The Strong
By Olivia B. Waxman
November 5, 2015

The puppet, the board game Twister, and the water gun brand Super Soaker were inducted into the National Toy Hall of Fame Thursday morning at The Strong Museum in Rochester, N.Y.

The museum dedicated to the history of toys received more than 500 nominations for inductees this year, which an internal committee whittled down to 12 finalists. The committee considered factors like name recognition and how long products have been on shelves — which means at least 20 years, enough time for parents and their kids to have grown up playing with them. Finalists were then reviewed by a national advisory committee of child development experts, historians, authors, and illustrators, who ranked their top three choices. Fifty-nine toys have been inducted so far.

Puppet got the most votes by far “probably because it has been around for centuries and [people wondered] why hasn’t it been in the Hall of Fame yet,” says Chris Bensch, the museum’s vice president for collections. The classic playthings date back to ancient times when they were to reenact educational stories like The Iliad and The Odyssey, Chinese and Japanese folktales, and Christian teachings. Then they became a regular form of entertainment at carnivals, fairs, and theaters — think Punch & Judy in the 19th century (though Punch first appeared in 1662). Throughout the 20th century, television brought puppet shows into people’s homes, through popular shows like Howdy Doody, Sesame Street and Jim Henson’s The Muppets. But in the end, curators say the puppet’s appeal is timeless because it can be made out of anything (like a sock) and be used to act out whatever story comes to mind.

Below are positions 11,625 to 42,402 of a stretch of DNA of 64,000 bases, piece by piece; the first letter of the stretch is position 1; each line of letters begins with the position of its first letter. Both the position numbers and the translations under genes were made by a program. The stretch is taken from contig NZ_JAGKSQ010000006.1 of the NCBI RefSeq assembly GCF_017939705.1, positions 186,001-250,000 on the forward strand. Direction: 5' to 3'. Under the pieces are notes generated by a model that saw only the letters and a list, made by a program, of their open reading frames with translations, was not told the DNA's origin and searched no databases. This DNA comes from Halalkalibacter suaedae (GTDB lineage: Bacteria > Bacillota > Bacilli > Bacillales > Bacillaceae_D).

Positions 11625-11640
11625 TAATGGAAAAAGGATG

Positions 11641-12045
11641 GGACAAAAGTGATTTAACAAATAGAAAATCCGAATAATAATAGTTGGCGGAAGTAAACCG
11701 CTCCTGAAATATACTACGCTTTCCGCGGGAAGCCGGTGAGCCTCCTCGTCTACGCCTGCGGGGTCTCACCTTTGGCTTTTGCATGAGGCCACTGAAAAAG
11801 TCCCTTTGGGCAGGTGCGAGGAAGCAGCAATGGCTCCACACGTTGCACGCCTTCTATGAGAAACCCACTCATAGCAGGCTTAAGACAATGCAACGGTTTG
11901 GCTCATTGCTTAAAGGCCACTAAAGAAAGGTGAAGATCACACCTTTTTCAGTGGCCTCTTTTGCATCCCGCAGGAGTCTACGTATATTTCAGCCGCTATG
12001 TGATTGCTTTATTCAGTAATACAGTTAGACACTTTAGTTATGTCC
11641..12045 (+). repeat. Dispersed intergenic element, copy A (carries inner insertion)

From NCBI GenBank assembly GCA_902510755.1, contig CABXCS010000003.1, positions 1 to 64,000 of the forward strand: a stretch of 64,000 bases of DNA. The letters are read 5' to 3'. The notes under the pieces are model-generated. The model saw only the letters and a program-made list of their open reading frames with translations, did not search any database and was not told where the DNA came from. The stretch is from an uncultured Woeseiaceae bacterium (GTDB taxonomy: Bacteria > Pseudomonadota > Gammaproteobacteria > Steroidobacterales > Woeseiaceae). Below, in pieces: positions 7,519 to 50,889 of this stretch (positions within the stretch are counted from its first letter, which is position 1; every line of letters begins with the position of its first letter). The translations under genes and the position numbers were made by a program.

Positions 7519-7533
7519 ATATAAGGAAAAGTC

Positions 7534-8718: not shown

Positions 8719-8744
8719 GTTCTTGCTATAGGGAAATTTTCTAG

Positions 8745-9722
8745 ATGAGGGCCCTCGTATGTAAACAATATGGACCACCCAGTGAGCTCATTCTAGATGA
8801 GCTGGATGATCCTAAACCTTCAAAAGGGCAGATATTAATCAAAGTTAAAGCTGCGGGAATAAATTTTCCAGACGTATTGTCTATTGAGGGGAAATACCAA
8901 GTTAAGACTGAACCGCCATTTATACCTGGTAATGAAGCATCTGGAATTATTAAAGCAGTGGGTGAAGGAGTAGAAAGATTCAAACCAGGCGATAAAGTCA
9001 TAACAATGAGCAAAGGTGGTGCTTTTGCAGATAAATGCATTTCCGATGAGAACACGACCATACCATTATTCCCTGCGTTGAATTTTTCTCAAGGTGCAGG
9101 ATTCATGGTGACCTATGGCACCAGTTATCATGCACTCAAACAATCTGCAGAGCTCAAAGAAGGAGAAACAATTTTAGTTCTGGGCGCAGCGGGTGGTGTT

Twister is what Bensch calls a “breakthrough toy” because, before Reyn Guyer and a team developed it in 1964, “there had never been a boxed game that made people the playing pieces.” Originally named “Pretzel,” the game requires players to put their hands and feet on different colored circles on a white plastic sheet, depending on what color the spinner lands on. When it hit shelves in the ’60s, it was seen as risqué because it forced people to get so close together, so some stores refused to list it in catalogues. But the museum says it went mainstream after Tonight Show host Johnny Carson and actress Eva Gabor played it, putting “a mental image in Americans’ minds of how much fun this game could be.” Bensch also says the induction comes just in time for the game’s 50th anniversary next year.

The Super Soaker water gun is also hailed as a game-changing toy. Experts told TIME for its list of “The 13 Most Influential Toys” that squirt guns were initially just “cheap, throwaway toys.” But then NASA engineer Lonnie Johnson invented the Super Soaker, which he licensed in 1989 to the Larami Corporation (acquired by Hasbro). Recent versions can shoot anywhere from 30 to 50 feet of water into the air.

Overall, Bensch says he hopes these inductees, which all originated offline, will “remind” children and their families to “balance the screen play that seems to dominate kids’ lives.”

Write to Olivia B. Waxman at olivia.waxman@time.com.

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